Injured NYPD cop forced to work through pain, lawsuit claims

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NYPD supervisors forced an officer to work in excruciating pain by making him return to work — where he couldn’t take medication for a car-crash injury, a lawsuit alleges.

Eight-year veteran Officer Julio Ramos’ issues began after an ex-girlfriend claimed he stole her car in February 2019, according to a lawsuit filed in Manhattan Supreme Court on Oct. 2.

The cop proved to the department that was actually his car but he was still put on modified duty and moved from the 79th Precinct to a unit that watches surveillance footage all day — often seen as a punitive assignment, according to the lawsuit.

After the transfer, Ramos started to have problems with a Lt. Robert Lurch, the suit says, adding that other officers had warned him to be wary of Lurch because he allegedly gave Hispanic cops a hard time.

At one point, Lurch berated Ramos over an issue with one of his cameras, saying, “I can’t believe you are that stupid,” “You’re a f–king moron,” and “You’re f–king stupid,” the lawsuit claims.

In June, a box truck slammed into Ramos’ car, and he went out on disability, with an NYPD District Surgeon ordering Ramos to stay out until early August due to the neck and back injuries, the suit states.

Officers who are on disability must obtain permission to leave their homes during their normal work hours, and Ramos’ boss Lt. Dominic Valentick refused to let him attend a wedding, while also giving him a hard time about trips to a physical therapist and letting movers into a new house, the lawsuit claims.

The supervisors eventually pressured the NYPD surgeon to return Ramos to duty — even though he was still being prescribed two opiates for pain, Ramos alleges.

Ramos asked the doctor “why he was placing him back to work when he knew he was disabled and on narcotics for his injuries,” according to the suit. “The doctor responded repeatedly with the same answer, ‘you shouldn’t have pissed off Lieutenant Valentick.’”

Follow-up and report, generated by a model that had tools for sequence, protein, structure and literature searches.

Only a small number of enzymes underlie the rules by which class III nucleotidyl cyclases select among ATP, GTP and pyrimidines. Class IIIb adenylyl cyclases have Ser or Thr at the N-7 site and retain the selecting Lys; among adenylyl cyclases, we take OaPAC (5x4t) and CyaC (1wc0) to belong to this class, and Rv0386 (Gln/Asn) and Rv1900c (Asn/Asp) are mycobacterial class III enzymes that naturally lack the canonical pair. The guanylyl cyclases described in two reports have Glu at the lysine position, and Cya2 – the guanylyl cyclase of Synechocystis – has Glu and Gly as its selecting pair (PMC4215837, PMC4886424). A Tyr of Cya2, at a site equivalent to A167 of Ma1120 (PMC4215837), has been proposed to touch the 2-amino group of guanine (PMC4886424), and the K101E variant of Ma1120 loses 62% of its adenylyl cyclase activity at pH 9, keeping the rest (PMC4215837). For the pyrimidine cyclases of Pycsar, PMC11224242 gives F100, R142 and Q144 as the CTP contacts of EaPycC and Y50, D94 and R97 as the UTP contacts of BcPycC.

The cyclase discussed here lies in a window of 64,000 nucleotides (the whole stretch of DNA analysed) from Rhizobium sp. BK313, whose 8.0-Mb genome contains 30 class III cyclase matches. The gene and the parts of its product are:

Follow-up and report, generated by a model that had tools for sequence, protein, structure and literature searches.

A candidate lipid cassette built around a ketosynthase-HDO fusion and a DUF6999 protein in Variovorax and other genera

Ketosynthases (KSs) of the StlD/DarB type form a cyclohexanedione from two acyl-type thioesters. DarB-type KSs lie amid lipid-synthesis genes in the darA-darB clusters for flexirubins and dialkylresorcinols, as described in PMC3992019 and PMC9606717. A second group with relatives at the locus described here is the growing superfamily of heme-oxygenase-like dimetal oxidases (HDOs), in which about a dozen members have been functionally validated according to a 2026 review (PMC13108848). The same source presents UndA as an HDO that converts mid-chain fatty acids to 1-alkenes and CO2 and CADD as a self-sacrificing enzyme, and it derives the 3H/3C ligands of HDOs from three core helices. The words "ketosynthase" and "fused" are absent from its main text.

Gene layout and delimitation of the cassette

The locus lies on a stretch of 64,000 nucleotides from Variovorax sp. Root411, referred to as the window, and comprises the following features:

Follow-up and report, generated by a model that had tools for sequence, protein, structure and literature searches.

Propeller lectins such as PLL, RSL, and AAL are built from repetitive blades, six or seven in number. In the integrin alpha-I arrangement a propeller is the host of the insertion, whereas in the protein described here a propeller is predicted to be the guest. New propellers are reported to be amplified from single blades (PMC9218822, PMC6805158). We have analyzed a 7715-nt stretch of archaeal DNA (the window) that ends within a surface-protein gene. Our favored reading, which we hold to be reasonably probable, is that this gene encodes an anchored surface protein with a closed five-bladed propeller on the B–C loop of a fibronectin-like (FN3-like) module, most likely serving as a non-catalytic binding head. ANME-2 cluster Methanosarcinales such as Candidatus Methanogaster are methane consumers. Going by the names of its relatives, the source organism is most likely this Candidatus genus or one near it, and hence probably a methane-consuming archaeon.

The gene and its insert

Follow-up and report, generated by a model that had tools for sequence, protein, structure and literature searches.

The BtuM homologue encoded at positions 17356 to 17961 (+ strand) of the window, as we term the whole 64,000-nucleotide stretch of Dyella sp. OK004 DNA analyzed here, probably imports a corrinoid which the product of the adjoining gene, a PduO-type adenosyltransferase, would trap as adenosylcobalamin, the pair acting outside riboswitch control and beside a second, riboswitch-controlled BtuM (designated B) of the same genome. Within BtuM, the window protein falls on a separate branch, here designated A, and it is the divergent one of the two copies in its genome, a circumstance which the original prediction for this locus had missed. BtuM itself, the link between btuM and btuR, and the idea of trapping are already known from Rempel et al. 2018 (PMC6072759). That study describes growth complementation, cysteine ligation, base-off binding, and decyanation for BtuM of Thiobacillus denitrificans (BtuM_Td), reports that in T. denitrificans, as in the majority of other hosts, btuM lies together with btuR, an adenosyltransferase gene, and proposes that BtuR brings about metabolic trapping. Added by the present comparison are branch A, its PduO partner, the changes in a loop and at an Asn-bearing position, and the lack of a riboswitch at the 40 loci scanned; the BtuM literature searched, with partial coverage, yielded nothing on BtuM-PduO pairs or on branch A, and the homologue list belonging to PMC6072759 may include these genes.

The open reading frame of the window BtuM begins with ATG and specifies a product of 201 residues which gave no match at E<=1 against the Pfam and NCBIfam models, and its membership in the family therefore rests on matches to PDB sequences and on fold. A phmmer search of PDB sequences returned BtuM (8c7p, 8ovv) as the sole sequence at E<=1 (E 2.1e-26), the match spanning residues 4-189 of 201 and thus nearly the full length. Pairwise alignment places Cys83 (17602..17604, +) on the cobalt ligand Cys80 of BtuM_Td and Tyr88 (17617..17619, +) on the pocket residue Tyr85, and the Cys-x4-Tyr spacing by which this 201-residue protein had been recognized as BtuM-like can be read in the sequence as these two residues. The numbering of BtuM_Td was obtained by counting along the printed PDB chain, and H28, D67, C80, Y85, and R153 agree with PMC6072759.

He returned to work on Aug. 6 and was transferred to Manhattan Courts.

Department policy prevents officers from taking pain meds on the clock, so Ramos was forced to endure lingering pain from the crash, the suit says.

After returning to duty, Ramos was in “excruciating pain” during one shift and asked for an ambulance, but instead was suspended without pay for 30 days, according to the suit.

Ramos’s suit claims his former supervisor in the 79th Precinct retaliated after he filed a notice of claim threatening sue the city over the issues with his injuries.

According to the lawsuit, when he returned to the precinct to retrieve gear from his locker in October, Inspector Charles Minch “verbally abused” him and brought him up on “trumped-up charges.”

Ramos claims Minch’s issue with him stemmed from an incident he was a witness to in Kings County Court, where a female officer and her ex-husband were involved in a physical altercation.

According to the suit, “no criminal charges were brought against the ex-[husband] and the incident was covered up by Minch.”

The NYPD declined to comment on the pending suit.

“Ramos, like so many other officers, is a victim of this discriminatory system that preys on the disabled by flippantly forcing them back to work at their own and the public’s risk,” Ramos’ attorney John Scola said in a statement.

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